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Old 10-10-2009, 03:20 PM   #13
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Default Re: electric heater for 1500 square foot garage

I can throw a couple comments in here, I used to work in 5000 sq foot shop, CMU construction, most people call them cinder brick or block. All 4 walls where outside walls, ceiling was 12', 300,00 BTU furnace. Im just west of Chicago, same basic latitude and weather as Toledo. A heated apartment sat on top the shop, and the place was wrapped on the outside with 1" polystyrene insulation, with vinyl siding on top of that. 2 overhead doors only 10' on each end of the shop, various windows.

The brick conducted so much heat, when it would get below 10 degrees Fahrenheit, that furnace ran 24/7 and never shut off. When it got colder with a wind, you wanted to work right in front of the furnace. By the time it got down to -10 we had natural gas radiant heaters kick on (about when it would hit 50 degrees in the shop) Anyhow, those brick buildings really can get cold, think about what you can do to keep the brick from conducting your heat!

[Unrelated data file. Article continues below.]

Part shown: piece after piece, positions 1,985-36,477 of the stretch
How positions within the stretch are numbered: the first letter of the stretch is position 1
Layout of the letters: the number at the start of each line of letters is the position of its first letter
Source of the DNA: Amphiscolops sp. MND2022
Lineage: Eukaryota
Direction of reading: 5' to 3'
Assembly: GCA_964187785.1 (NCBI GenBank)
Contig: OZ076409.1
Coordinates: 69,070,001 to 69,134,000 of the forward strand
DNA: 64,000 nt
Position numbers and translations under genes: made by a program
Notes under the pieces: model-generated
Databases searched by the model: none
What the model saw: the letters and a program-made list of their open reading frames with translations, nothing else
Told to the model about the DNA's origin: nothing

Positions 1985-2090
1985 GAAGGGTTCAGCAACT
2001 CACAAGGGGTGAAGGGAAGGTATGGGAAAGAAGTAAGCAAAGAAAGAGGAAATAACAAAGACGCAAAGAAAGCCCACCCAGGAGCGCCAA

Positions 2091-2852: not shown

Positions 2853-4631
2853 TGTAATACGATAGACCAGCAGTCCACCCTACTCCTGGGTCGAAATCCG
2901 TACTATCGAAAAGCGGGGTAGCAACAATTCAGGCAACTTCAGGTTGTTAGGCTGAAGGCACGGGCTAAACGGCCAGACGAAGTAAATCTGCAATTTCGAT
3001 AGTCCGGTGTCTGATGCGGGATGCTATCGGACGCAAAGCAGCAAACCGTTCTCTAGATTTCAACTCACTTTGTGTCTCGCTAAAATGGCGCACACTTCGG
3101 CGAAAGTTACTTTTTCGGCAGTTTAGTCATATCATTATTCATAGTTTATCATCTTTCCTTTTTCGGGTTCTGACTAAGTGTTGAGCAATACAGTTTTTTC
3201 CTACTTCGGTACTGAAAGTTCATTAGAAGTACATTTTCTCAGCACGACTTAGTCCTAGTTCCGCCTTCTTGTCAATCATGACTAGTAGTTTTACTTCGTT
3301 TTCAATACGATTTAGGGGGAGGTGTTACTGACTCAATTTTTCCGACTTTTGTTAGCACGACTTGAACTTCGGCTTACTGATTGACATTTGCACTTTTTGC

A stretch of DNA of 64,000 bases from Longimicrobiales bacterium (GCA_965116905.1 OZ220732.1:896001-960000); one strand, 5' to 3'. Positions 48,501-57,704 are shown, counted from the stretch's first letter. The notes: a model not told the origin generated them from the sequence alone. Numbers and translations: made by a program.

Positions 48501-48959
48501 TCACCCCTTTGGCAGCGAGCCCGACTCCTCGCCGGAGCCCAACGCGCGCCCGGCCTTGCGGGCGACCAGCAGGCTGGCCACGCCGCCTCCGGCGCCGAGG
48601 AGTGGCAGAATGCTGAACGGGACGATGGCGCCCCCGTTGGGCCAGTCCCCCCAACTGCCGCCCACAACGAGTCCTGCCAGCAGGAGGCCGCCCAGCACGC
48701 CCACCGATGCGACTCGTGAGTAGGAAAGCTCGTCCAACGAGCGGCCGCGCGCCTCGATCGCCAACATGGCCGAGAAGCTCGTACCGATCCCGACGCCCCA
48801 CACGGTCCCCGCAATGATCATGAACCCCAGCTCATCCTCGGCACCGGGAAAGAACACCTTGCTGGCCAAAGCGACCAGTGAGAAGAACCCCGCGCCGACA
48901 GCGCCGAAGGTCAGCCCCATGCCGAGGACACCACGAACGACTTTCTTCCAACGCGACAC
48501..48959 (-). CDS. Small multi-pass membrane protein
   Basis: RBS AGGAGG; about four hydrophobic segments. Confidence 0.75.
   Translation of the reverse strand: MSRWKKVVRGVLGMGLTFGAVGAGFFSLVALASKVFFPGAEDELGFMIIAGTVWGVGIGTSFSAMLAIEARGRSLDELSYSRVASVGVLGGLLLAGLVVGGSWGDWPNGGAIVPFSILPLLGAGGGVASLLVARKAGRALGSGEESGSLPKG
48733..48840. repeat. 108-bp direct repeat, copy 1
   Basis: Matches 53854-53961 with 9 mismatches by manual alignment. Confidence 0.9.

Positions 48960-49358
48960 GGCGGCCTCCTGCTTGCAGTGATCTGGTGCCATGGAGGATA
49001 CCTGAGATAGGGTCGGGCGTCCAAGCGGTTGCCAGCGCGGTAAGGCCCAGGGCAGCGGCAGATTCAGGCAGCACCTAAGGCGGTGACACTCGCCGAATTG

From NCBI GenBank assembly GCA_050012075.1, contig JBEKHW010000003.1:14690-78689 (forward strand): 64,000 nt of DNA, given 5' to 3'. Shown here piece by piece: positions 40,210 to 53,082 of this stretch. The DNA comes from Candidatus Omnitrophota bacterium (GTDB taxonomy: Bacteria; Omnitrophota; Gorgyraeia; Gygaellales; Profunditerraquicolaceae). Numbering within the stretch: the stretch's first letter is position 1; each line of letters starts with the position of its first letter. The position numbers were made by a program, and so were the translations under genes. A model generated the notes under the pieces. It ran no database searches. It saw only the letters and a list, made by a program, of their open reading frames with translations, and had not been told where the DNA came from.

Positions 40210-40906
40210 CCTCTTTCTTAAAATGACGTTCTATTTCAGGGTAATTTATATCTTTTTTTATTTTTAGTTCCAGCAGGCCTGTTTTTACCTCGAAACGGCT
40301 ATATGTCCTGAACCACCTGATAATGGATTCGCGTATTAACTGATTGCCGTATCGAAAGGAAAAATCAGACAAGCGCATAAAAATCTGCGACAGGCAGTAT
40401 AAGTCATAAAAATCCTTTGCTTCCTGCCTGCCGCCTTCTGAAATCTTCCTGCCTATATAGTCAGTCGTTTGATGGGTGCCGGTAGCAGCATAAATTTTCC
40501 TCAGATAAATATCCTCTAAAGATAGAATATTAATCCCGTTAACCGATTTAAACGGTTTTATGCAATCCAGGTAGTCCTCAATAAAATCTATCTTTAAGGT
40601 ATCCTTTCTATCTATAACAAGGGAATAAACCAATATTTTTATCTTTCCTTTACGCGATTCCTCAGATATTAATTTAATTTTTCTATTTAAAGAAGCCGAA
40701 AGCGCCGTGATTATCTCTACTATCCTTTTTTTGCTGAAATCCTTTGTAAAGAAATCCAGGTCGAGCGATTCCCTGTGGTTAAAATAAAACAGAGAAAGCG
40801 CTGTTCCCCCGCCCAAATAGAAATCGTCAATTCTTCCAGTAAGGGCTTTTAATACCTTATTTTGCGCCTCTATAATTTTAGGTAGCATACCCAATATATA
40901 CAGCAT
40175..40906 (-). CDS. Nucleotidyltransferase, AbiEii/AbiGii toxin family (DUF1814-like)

On the flip side, at that same time, I built a 30x40 conventional garage behind the house, one service door 48" insulated, one 7'x16' overhead insulated, and one window 2'x3'. I blew in a foot of that ground up newsprint in the attic, and the attic was ventilated. I heated that garage all winter with a 110v compact portable heater I picked up at the farm store here locally (farm and fleet) I had bought a lightly used 90+ 110K BTU gas furnace from a friend in the trades, picked up the electric heater for $200 as a temporary fix till I got the furnace installed. Three years later, I sold the furnace and kept using the electric heater. Interesting part was, the girlfriend who payed the bills, never noticed an additional consumption on our electric bill. Yes, I know it wasn't free, but it was so light, she couldnt see, it, and I asked about several times. And we did not have the service where they average out you're bill. It was actual and monthly. I also air conditioned that garage all summer too. The door was not opened much, it was more of a shop than a garage. Didn't have a car in, just full of tools and projects.

So you can reasonably heat with electric, it just depends on how well insulated you are, and how often doors are opened, how many holes in the building. I personally hand built the garage, I siliconed the sill plate, house wrapped it, over-insulted the attic, it was very tight, with one tiny window, that was double pane insulated. And cheap to heat, but then I also know what a massive heat sink feels like too!

The shop I have now is 40x40 with a 16' lid and natural gas heated with radiant. Its 2x6 with tin, insulted with sheet rock, and the wind just blows through it in the witner (I didnt build it!), always cold. No remedy or than tearing out the walls and putting a suspended ceiling in it.

Theres some more food for thought! Good Luck, Bill
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Old 10-10-2009, 04:21 PM   #14